Best 3D Printers Under $200

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Shopping for your first ever 3D printer? You have two options: go all-in on a $1000 3D printer and hope you don’t screw up or start off with a $200 3D printer and learn the basics one step at a time.

12.6 lb
Low noise level and ideal for both casual and educational use.
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Best Value
XYZprinting da Vinci Mini
15.1 lb
Large build volume for a mini 3D printer and runs fairly quiet.
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Top Pick
Monoprice Select Mini V2
9.9 lb
Includes heated build plate and supports various filaments.
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If the latter sounds more interesting to you, then you’ve come to the right place. Here, we tell you about cheap 3D printers that you can get for $200 or less, which range from DIY 3D printers to plug-and-play 3D printers.

Best 3D Printers Under $200 Comparison Table

Make and ModelWeight ConnectivityPrice
Monoprice Select Mini V29.9 lbUSB, SD CardCheck Price
CoLiDo DIY12.6 lbUSBCheck Price
XYZprinting da Vinci Mini15.1 lbWi-Fi, USBCheck Price
XYZprinting da Vinci miniMaker15.1 lbUSBCheck Price
Instone Easier Mini 3D Printer5.3 lbUSB, SD CardCheck Price
Geeetech Pro W16.7 lbUSB, SD CardCheck Price

What to expect from cheap 3D printers under $200?

It’s all about being realistic when it comes to budget 3D printers. It’s critical that you approach these 3D printers with the right level of expectations. And by “right level of expectations,” we mean you should refrain from comparing it to machines twice the price. Here are some of the things that you should expect from 3D printers under $200.

  • Cheap 3D printers are great for experimenting with 3D printing settings. You learn a lot about the technology by playing around with the machine. This should prove handy for when you finally buy a long-term 3D printer.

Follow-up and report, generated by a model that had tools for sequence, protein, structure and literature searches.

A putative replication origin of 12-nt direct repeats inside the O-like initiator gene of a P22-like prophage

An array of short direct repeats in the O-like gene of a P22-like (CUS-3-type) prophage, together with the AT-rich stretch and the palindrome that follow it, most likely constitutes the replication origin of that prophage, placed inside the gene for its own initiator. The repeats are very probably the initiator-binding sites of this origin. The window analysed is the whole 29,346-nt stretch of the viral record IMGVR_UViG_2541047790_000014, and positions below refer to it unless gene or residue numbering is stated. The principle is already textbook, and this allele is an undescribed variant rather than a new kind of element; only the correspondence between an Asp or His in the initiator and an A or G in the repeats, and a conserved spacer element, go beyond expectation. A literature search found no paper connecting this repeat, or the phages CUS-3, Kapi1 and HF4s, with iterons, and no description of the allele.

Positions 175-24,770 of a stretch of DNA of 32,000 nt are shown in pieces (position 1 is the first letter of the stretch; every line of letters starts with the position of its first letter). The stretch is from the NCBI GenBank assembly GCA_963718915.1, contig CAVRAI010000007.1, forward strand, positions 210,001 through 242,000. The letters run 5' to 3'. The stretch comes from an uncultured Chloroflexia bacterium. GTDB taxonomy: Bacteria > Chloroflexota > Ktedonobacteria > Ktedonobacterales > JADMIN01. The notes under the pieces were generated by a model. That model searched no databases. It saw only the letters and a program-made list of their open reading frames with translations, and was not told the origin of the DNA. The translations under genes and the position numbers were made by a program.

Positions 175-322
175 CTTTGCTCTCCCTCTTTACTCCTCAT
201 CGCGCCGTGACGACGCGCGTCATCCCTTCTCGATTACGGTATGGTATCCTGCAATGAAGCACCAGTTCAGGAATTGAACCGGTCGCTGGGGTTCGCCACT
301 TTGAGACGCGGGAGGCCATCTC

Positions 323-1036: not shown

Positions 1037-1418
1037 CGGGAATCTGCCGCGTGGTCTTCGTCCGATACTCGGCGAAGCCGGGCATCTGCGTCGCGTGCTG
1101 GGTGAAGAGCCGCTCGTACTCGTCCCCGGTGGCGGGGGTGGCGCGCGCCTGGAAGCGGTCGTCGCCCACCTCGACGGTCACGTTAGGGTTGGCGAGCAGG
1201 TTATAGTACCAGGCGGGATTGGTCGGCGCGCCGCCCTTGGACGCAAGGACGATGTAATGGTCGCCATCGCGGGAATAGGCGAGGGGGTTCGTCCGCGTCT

• Print quality ranges from below average to good. Budget 3D printers aren’t mean to impress hobbyists, so don’t expect too much. The accuracy is there, but the level of smoothness is far from perfect.
  • Small build volume. 3D printers under $200 come in small packages, so you’re limited to small, often non-functional items. The ones with large build volumes are typically DIY 3D printers like the CoLiDo DIY and the Geeetech Pro W.
  • Limited filament choices. Most products only support PLA filaments, mainly because of the lack of a heated build plate which is necessary for reliable processing of other types of materials like ABS.
  • Easy to use. Except for DIY ones, budget 3D printers offer a plug-and-play setup. The initial setup and calibration are usually painless, and the machine operation is straightforward. The included software is also intended for beginners. For newbies, ease of use is the most important.
  • Instruction manuals are usually poorly written. They often lack details and tips on how to set the printer to optimum settings. This means you’ll have to rely on guides on the internet to get your printer to top form.
  • Customer service is a mixed bag. Some companies provide good after-sales support. Others simply don’t care.

Now that you know what to expect, let’s move on to our individual reviews of the best cheap 3D printers under $200.

1. Monoprice Select Mini V2

Monoprice Select Mini V2View on Amazon

Editor’s Rating: 4.4/5

For a budget 3D printer, the Monoprice Select Mini V2 sure brings a lot to the table, even outworking some of the more expensive 3D printers out on the market. It’s designed for desktop use and comes in a sort of semi-enclosed profile (partly covered with exposed build plate and print head).